-- The price upon which this decision rests is only
        a small portion of the costs that will ultimately
        be incurred during follow-on production and

     -- There is no assurance that the initial price
        advantage, upon which the decision was made,
        will not be offset throLgh either higher life


       cycle costs or through recovery of development
       contract losses on follow-on production and spare
       parts contracts.

     Inherent in this procurement, therefore, are the factors
of (1) the relative merits of technical superiority and costs,
(2) life cycle cost, and (3) "buying in." Other factors to
be considered are the adequacy of domestic sources and assist-
ance to Martin-Baker.


     Our report suggested that the Navy consider the relative
worth of S-encel's technical advantage and Martin-Baker's cost
advantage because McDonnell selected the cost advantage even
though its source selection scoring process suggested the

     The Navy report states that its technical evaluation
concluded that the Stencel seat was superior for reasons of
better ground safety and more attention to maintainability and
reliability, bift that both seats were technically acceptable
and equal in lifesaving potential. The report states that the
technical advantages of the Stencel seat were not considered
to be overriding. Apparently the Navy is satisfied that the
lower cost of the Martin-Baker ejection seat is preferred over
the technical advantages offered by the Stencel ejection seat.


     The Navy's evaluators made an independent life cycle cost
analysis of the two seats which shows a lower cost of about
$6.4 million for the Martin-Baker seat. The major differences
in cost are the full-scale development and acquisition cost of
seats for production aircraft. The areas where costs for the
Stencel seat were lower were not sufficient to offset the lower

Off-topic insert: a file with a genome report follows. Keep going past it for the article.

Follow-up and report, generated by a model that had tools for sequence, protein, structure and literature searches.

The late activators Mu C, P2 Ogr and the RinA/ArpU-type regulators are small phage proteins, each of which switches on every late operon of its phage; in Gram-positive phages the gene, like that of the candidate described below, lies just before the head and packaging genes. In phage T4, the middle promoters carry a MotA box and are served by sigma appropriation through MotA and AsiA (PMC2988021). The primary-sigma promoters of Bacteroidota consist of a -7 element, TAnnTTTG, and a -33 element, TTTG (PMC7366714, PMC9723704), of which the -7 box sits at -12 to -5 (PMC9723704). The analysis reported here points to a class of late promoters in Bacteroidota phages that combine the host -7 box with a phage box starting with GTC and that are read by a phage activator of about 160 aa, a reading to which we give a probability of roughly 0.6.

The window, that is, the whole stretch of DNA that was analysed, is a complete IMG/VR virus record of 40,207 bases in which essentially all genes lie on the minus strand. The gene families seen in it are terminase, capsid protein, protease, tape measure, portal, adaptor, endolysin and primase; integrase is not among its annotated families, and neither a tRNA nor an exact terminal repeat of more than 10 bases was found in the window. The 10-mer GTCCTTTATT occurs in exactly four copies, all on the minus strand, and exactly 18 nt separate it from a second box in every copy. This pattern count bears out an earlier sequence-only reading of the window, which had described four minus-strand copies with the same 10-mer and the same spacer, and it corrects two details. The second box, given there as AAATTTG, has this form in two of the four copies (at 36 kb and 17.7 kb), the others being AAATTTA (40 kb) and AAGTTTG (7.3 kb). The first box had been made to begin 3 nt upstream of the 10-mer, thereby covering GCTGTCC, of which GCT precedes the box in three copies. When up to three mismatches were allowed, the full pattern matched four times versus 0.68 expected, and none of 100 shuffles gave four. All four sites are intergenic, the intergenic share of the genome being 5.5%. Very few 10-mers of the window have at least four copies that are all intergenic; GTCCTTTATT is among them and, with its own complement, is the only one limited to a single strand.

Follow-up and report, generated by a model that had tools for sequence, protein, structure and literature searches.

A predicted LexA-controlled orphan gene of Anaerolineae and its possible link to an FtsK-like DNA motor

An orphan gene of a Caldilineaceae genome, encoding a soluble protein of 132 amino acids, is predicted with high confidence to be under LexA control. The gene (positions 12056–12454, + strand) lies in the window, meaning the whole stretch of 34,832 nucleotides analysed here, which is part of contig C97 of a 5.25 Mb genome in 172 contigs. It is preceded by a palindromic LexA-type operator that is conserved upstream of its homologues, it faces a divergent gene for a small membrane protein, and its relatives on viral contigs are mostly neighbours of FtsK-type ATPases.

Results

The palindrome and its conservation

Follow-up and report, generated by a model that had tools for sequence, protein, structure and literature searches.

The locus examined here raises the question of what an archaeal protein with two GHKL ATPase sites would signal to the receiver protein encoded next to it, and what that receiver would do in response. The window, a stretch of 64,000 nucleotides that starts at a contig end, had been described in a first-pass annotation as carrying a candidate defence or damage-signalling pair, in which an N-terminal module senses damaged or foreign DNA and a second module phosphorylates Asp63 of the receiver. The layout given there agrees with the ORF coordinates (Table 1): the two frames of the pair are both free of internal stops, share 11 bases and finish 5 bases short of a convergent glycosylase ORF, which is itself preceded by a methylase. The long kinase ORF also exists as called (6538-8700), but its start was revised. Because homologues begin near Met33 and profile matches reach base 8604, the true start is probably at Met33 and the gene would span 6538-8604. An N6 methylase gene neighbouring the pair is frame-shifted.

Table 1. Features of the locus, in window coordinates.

Martin-Baker price proposal. After McDonnell had selected the
Martin-Baker proposal, Stencel offered to submit a lower price
proposal which was rejected.  Life cycle costs computed by the
Navy, on the basis of the revised proposal, show $1.1 million
lower costs for the Stencel seat. The Navy evaluators stated,
however, that sufficiently reliable data for life cycle cost
analysis and for influencing the procurement decision did not
and does not exist at this time, largely due to the lack of
reliable acquisition cost data for seats following Optio'1 III.

                            - 2 -


     Our report stated that there are strong indications that
Martin-Baker's development prices will not be sufficient to
recover all of the costs it will have to incur in developing
and qualifying its seat for the F-18 aircraft.

     The Navy report acknowledges that this is so but states
that this is no apparent violation of the Arme' Services
Procurement Regulation because Martin-Baker has agreed not
to recover any full-scale development contract losses on
follow-on production contracts. However, the Navy report
does express concern about the quality of the cost or pric-
ing data that Martin-Baker has agreed to provide.

     Based on (1) the inability of the Martin-Baker account-
ing system to accumulate costs on individual projects and
contracts; and (2) Martin-Baker's prior actions in denying
access to its records; it is our opinion that the Navy will
not be able to assure itself that unrecovered development
costs are not recovered under follow-on production and spare
carts contracts.


     As part of our recommendation, we stated that the Navy
should consider the need to maintain a domestic source for
this critical component. The Navy report states that, because